How Do I Write an Effective Fundraising Letter?
Increase your donor list and subsequently your donations
Much like writing effective sales copy, writing an effective fundraising letter isn’t easy. It’s no secret that non-profit organizations need the help of donors to make a difference. Reaching out to new potential donors and past donors is important to your cause and should be treated as such.
Grab their attention
Make an impression upon first glance
Writing effective copy is difficult enough on its own. If no one reads your copy then does it even matter if it’s effective? Consider using an interesting design to intrigue potential donors while they’re sorting the mail.
Don’t end up in the trash before you have the opportunity to make your pitch.
Oversized mail is proven to capture the attention of your readers. Utilize the size alongside eye-catching graphics and colors to increase the read-time of your mail piece.
Speak to your donor directly
Personalize! Adding the ability to personalize your direct mail helps increase the effectiveness of your copy and builds trust in what you’re saying. This is especially true when you’re writing to past donors who know you already have certain information. Never start a letter with, “Dear friend”. Unless it’s unavoidable from missing information always use the donors name, spelled correctly.
Make sure your list is segmented to include who donated and who didn’t. If someone on your list previously donated to your organization you might come off poorly if you don’t lead with an acknowledgment of that. Also, write conversationally. Write like your talking to to a good friend or a close relative. There’s no need for big words, which, can be bewildering in their nature.
Explain the need
Your potential donors need to know what they’re supporting
Convey exactly what their money supports. If you’re asking for different levels of donations then show what each amount will accomplish. i.e. $200 will feed a child for a year or $400 will feed two children for a year. Try telling a heartwarming story of someone your organization helped. Hard facts don’t always attract new donors, but, appealing to their emotions might. Your donors are the real heroes, so make them feel like it. Describe how your donors are helping your organization.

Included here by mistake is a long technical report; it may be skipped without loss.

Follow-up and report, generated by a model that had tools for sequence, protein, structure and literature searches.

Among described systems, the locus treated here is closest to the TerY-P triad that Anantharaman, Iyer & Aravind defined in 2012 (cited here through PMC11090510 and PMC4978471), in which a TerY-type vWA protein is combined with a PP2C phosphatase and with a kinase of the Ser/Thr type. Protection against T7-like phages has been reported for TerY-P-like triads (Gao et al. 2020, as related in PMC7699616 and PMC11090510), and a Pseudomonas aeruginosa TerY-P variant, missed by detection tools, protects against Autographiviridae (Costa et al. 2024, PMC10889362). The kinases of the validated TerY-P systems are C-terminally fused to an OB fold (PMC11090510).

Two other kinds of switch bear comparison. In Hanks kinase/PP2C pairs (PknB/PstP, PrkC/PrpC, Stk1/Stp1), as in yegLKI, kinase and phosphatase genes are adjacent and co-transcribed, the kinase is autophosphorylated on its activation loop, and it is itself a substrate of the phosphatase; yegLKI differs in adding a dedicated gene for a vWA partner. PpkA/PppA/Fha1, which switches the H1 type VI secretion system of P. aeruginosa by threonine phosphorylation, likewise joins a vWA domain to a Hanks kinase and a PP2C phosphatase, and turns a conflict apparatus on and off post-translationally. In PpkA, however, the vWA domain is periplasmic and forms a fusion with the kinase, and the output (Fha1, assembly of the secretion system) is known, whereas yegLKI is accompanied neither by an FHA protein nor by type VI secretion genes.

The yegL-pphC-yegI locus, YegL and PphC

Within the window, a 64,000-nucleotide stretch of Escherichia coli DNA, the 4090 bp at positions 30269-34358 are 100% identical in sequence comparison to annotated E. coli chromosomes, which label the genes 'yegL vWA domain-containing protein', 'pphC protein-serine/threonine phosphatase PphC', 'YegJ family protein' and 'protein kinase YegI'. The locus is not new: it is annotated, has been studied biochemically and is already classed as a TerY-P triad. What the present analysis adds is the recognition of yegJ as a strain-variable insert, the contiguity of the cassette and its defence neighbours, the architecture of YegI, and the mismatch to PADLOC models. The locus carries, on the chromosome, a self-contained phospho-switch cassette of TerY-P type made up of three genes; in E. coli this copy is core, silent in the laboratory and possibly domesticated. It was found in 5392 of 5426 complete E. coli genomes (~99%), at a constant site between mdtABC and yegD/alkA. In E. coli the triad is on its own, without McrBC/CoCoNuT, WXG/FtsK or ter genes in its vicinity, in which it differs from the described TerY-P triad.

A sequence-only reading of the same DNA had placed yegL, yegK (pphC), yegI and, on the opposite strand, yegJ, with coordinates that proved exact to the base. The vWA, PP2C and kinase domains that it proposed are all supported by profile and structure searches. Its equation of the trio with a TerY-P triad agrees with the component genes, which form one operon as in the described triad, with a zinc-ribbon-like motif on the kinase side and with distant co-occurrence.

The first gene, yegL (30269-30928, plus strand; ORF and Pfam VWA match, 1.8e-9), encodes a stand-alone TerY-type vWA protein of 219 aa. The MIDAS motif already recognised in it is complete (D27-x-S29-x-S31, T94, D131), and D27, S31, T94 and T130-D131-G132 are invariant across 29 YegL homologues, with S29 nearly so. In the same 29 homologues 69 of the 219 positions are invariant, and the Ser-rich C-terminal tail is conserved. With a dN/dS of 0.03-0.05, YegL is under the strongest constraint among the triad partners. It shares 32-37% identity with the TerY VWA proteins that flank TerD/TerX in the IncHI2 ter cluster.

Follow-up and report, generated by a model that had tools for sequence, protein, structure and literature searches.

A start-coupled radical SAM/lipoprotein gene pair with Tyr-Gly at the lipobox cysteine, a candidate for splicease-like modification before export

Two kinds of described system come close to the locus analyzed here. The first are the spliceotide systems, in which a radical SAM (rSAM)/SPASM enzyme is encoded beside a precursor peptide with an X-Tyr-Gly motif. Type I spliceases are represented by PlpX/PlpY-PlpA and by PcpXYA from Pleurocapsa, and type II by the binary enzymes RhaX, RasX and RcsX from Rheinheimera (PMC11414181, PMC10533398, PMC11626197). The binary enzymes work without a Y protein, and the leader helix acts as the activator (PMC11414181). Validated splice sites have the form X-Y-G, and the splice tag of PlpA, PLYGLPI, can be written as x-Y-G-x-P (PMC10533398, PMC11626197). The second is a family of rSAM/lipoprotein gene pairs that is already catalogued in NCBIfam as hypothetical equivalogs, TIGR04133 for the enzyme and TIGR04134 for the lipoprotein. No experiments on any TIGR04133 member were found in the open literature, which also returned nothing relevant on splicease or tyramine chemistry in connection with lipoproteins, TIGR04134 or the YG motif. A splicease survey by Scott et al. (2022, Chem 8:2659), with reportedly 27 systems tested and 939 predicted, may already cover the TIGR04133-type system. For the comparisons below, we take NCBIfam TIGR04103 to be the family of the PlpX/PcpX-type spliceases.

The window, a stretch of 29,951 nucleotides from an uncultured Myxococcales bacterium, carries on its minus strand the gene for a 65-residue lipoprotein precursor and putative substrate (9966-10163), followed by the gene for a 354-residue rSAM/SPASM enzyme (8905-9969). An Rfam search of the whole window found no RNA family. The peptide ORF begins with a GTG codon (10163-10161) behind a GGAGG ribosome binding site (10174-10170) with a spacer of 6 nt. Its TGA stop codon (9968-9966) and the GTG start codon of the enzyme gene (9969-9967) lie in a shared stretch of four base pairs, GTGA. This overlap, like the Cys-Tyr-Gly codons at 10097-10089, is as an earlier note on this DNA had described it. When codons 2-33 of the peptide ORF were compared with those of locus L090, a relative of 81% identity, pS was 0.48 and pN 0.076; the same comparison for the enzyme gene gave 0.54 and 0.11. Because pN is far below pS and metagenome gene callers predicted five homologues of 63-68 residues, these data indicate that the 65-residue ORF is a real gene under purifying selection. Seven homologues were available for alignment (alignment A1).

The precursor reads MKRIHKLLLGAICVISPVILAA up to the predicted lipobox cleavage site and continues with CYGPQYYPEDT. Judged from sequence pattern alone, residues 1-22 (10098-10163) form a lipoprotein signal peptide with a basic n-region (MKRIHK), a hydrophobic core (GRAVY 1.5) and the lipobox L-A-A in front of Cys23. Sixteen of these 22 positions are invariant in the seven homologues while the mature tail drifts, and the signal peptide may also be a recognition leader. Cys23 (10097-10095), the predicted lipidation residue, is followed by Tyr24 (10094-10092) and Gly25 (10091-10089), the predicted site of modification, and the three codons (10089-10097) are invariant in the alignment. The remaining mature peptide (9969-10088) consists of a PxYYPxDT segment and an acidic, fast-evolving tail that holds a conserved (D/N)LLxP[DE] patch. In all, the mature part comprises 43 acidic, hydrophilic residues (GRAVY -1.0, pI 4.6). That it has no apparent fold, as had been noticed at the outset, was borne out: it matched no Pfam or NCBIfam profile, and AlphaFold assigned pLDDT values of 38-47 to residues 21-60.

Make it easy for your potential donors to support your cause.
Include a reply card and a return envelope with your letter. List all of the ways they can donate. Include other options to donate like, visiting a link to a landing page to donate online or the ability to volunteer time, food, or clothing or whatever makes sense for your organization.
Don’t make it a hassle to donate
Every donation is vital, but, your donors might not know that
You need to explain that every little bit helps. No matter what your donors can give, let them know that it helps and how it helps. Give examples from past years if applicable. The CASA piece below states how your donation helps right on the front, “Today, your gift may help us reunite siblings with their family, provide a youth aging out of foster care with an advocate as she transitions into adulthood, or lead to the adoption of a foster child into a loving home. Thank you for making a difference.”
The mail piece below also includes several ways that you can donate. You can make a donation on their website, send a check, or give them a debit or credit card in the reply card. Including options to let the recipient renew their donation annually without sending more mail is another bonus that you may also consider adding. Anything you can do to make it easier for your potential donors the better.
Prove the difference that your donors make to remove any skepticism.
The worst thing they can do is say, “No” and that’s okay.
People don’t typically do anything they haven’t already planned on doing unless you ask them. Make sure that you’re direct and specific in what you’re asking from your donor. If you want them to donate $50 then ask them to donate $50. Maybe you’re looking for new volunteers. If you are then, ask people to volunteer their time and tell them where to sign up, where to go, and what to do.
Whether your potential donors are willing to give or not is unclear unless you ask.